But note that of all the oaths in Kesubos, he only quotes two: the prohibition to rebel against the nations, and the nations' oath. He does not quote the oath prohibiting mass immigration to Eretz Yisroel, nor the oath prohibiting us to force the end, because those oaths have nothing to do with the nations and are not subject to any deal with them. However, the oath prohibiting rebellion against the nations might be, logically speaking, part of such a deal. Of course, if one nation violated its oath, that would not permanently annul the oath of rebellion against the nations, nor would it give the Jews the right to rebel against a different nation; but there might be a temporary relaxation of the Jewish oath with regard to the offending nation, as in the case of the Megillah.
The other purported sources for the interdependence argument are those who say that when the nations violate their oath, the Jews are allowed to pray excessively for the redemption, something that they are ordinarily prohibited from doing under the oath "that they should not force the end". These are Rabbi Shlomo Kluger in Maaseh Yedei Yotzer on the Hagadah, and Rabbi Hillel Lichtenstein in Avkas Rochel 9:1.
But these Acharonim do not say that the Jews are permitted to take any action towards the redemption. The difference between being permitted to pray and being permitted to take action is simple: taking action toward the redemption is tantamount to heresy, but violating the oath through excessive prayer is not, since on the contrary, prayer strengthens the Jew's belief that G-d controls all events and only He can end the exile. Therefore, as long as the gentiles treat the exiled Jews in accordance with G-d's decree and did not exceed their limit, G-d does not want us to pray for the end of exile, since the exile was His plan and is for our benefit. But when the gentiles exceed their limit, their actions emanate from their own free will and not from G-d's decree, and so we may pray to G-d to save us from them.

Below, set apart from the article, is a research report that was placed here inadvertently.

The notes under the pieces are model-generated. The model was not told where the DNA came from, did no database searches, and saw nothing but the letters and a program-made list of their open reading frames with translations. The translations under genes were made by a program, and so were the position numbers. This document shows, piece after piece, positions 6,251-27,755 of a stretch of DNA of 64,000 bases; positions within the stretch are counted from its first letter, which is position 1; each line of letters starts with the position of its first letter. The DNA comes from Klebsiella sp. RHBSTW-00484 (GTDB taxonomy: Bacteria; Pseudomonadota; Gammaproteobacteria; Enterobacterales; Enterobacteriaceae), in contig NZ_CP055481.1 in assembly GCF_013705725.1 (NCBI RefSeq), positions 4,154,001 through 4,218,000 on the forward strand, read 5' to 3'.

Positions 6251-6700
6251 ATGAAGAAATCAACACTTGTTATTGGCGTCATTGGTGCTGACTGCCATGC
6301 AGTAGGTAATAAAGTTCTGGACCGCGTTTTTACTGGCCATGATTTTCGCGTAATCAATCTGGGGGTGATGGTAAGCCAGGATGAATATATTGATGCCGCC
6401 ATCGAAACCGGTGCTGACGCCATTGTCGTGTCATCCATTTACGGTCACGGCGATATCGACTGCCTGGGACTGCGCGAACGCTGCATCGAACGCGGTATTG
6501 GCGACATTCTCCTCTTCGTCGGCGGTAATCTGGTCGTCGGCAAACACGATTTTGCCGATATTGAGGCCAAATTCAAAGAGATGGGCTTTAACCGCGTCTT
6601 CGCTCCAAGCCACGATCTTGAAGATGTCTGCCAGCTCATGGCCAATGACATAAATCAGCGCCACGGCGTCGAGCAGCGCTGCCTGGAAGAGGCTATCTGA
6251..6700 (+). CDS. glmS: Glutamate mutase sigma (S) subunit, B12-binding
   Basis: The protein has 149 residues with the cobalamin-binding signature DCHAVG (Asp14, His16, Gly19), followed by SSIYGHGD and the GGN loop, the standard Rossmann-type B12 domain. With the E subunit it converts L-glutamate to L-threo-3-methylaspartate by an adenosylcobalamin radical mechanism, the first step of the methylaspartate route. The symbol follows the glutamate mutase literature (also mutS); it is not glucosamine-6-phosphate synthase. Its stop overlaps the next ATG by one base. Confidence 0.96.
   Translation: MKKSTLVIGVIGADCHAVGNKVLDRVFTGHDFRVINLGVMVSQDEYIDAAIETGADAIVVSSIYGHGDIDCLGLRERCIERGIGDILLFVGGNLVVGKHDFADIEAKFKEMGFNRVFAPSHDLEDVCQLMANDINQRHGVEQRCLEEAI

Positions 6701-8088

Not only do the Zionists fail to find sources for the interdependence argument; there are also some sources that explicitly contradict it.
Rabbi Avraham, son of the Rambam, writes in the Sefer Hamaspik Leovdei Hashem (Maamar Habitachon) about the trust a Jew must have in Hashem. He says that when the nations of the world are trying to kill Jews, our trust in Hashem must be accompanied by protective actions. In the times of King David, this would mean war; but in exile it means flattery and flight. We see that Rabbi Avraham forbids war even when the nations are trying to kill us.